Keynote: Data and Programs: Rethinking the Fundamentals
This was a pretty big disaster. Don Box had a bad day. As far as I’m concerned, that’s all it was.
The feedback system was GREEN, YELLOW and RED cards that you deposit on the way out. There were lots of reds. I declined participation; he knew it bombed. He didn’t need us to tell him.
“Patterns for Cloud Computing” – Simon Guest
This was excellent. It made me want to run out and start using Windows Azure.
Simon Guest is a Microsoft guy, but I found the presentation to be well balanced regardless. Of course, he showed off Azure. But, he also spoke quite a bit about Google and about Amazon. He didn’t bash them or even compare them positively or negatively to Azure. He just talked about them and what they do.
In one demo, he submitted a request to the cloud. The page came back without the row because it hadn’t committed yet. A second later, the grid regenerated and the row was there. This brought me back to the WEBSOCKETS talk… whatever polling or refreshing that was doing can be eliminated when the websocket is implemented. (See Wednesday – HTML 5)
This covered the basics of Azure, which I already knew from some reading: submit a request; put the request on a queue; process the queue with one or more workers. (This is how a product we built at work does things too).
The thing that surprised me about it is that you control the scaling. You tell it how many workers to use. If you get more load, you can increase the number of workers. I figured you’d be able to apply a policy or something to control this so that it can automatically scale up as it needs to within boundaries that you define. (Maybe it does do that, but that’s not what we saw).
Another demo was “find all of the prime numbers between 1 and x”. He went all out with that one… he distributed the calculations across Azure, Google and Amazon. The neatest part is that it reported it took a total of 6 CPU seconds across all of the machines. Neat.
He also touched on SQL SERVICES for AZURE, which weren’t originally there. Its not very cloudish, but there was a lot of demand for it, so they provided it. You can setup a 1 gig database or a 10 gig database. All databases are replicated across at least 3 servers.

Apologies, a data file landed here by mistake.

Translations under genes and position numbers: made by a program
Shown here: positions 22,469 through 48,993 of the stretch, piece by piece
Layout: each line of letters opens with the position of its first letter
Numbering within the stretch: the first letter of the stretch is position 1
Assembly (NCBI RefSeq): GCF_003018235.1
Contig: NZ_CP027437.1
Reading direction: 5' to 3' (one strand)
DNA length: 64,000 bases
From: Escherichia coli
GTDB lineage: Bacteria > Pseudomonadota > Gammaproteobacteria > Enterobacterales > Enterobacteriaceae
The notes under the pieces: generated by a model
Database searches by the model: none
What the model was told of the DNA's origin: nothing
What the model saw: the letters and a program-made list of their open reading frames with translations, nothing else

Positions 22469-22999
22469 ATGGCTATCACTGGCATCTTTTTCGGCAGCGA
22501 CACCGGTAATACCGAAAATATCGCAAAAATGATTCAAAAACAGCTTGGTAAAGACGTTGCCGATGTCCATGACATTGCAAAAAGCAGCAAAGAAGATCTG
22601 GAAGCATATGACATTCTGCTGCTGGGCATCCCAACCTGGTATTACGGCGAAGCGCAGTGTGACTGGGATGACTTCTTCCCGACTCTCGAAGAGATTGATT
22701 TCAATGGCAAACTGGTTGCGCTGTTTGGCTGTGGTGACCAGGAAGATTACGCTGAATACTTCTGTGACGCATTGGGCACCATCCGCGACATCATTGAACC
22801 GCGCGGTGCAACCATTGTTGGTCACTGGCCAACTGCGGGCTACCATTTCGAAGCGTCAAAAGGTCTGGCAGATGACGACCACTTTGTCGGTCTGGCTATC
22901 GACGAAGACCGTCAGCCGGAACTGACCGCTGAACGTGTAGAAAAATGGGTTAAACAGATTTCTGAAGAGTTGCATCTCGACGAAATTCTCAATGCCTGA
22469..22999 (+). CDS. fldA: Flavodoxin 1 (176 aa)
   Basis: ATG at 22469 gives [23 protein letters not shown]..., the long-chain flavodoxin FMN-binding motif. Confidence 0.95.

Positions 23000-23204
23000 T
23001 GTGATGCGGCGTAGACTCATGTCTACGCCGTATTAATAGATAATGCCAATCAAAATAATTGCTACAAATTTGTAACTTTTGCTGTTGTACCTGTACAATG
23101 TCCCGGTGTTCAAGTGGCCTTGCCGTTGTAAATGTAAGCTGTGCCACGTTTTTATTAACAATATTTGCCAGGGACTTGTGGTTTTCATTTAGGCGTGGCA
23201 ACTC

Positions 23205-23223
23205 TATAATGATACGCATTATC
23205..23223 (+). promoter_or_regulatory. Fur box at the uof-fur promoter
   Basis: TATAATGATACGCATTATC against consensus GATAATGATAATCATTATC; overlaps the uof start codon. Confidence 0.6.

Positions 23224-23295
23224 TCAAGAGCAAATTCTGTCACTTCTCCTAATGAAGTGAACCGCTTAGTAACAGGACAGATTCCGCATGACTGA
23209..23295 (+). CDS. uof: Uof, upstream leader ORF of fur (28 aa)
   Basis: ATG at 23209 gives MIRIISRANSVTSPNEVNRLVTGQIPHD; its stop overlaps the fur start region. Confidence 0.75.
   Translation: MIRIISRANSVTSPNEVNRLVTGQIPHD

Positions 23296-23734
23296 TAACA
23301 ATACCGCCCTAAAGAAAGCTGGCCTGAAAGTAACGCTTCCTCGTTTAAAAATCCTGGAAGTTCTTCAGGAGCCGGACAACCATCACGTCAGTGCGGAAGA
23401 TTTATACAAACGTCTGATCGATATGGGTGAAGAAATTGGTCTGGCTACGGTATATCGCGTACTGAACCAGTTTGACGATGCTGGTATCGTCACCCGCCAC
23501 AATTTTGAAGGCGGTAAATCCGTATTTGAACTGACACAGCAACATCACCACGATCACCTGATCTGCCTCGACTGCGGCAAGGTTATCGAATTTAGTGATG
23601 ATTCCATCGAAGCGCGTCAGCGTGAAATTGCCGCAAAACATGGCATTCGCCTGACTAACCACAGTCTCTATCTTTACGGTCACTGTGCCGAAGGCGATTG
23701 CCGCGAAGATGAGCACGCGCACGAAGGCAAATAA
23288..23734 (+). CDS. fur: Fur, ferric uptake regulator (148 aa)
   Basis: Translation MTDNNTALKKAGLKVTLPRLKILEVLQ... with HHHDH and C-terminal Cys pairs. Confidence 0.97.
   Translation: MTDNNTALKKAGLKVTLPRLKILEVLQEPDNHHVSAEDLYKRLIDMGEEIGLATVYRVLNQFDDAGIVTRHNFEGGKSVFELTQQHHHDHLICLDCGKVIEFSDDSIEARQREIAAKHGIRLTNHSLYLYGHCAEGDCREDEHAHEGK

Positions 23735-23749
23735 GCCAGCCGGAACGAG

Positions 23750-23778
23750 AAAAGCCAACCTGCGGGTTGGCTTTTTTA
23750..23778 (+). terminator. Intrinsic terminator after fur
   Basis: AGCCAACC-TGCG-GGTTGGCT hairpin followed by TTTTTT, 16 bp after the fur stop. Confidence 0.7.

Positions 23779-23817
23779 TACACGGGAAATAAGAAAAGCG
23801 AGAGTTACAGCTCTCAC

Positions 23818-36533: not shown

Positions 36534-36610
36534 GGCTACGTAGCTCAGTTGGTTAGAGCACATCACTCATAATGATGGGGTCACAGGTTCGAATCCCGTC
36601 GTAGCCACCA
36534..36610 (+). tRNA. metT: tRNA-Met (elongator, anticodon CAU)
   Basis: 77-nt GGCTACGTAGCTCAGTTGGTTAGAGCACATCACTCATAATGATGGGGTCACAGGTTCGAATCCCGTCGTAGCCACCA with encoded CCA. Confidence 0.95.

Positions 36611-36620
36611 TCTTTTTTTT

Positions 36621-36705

Despite that its not very cloudish, it seems that will make Azure more practical for a lot more existing applications.
“Mapping Relational Data Model Patterns to the App Engine Data Store” – Max Ross, Google
Max was brutally honest about the capabilities of the Google app engine to the extent that he talked a lot about things that it can’t do. I ran through the app engine startup tutorials probably a year ago, but that was about it. I couldn’t relate to the discussion, though I can say it was lively. People in the room had good questions.
“Architecting for the Cloud: Horizontal Scaleability via Transient, Shardable, Share-Nothing Resources” – Adam Wiggins
Another great talk that I couldn’t relate to. HEROKU is a cloud platform for Ruby applications. I’m looking at the website now, and it has “40,653 apps running right now!”.
Unfortunately, I don’t have anything else to say about this one. I’m note a ruby guy, but if I were, HEROKU would be the place to go.
“Agile Development to Agile Operations” – Stuart Charlton
Disclaimer: I’m not sure if I’m remembering this accurately or confusing it with something else. Feel free to disregard. (I didn’t take notes, and my memory is fuzzy))
This talk was about the changes to infrastructure when using a cloud based system.
Without a cloud, you need enough servers to cover all of your peaks. With a cloud, you only need to scale up when necessary. Only use the servers you need when you need them.
Amazon’s cloud solution is good for this. He gave an example of when someone had to convert millions of TIFFs to some other format (PDF, perhaps?). They were able to do it in a weekend using Amazon’s services. Rather than having to obtain all of the hardware and set it up, they used Amazon, and got it all done in an absurdly small amount of time.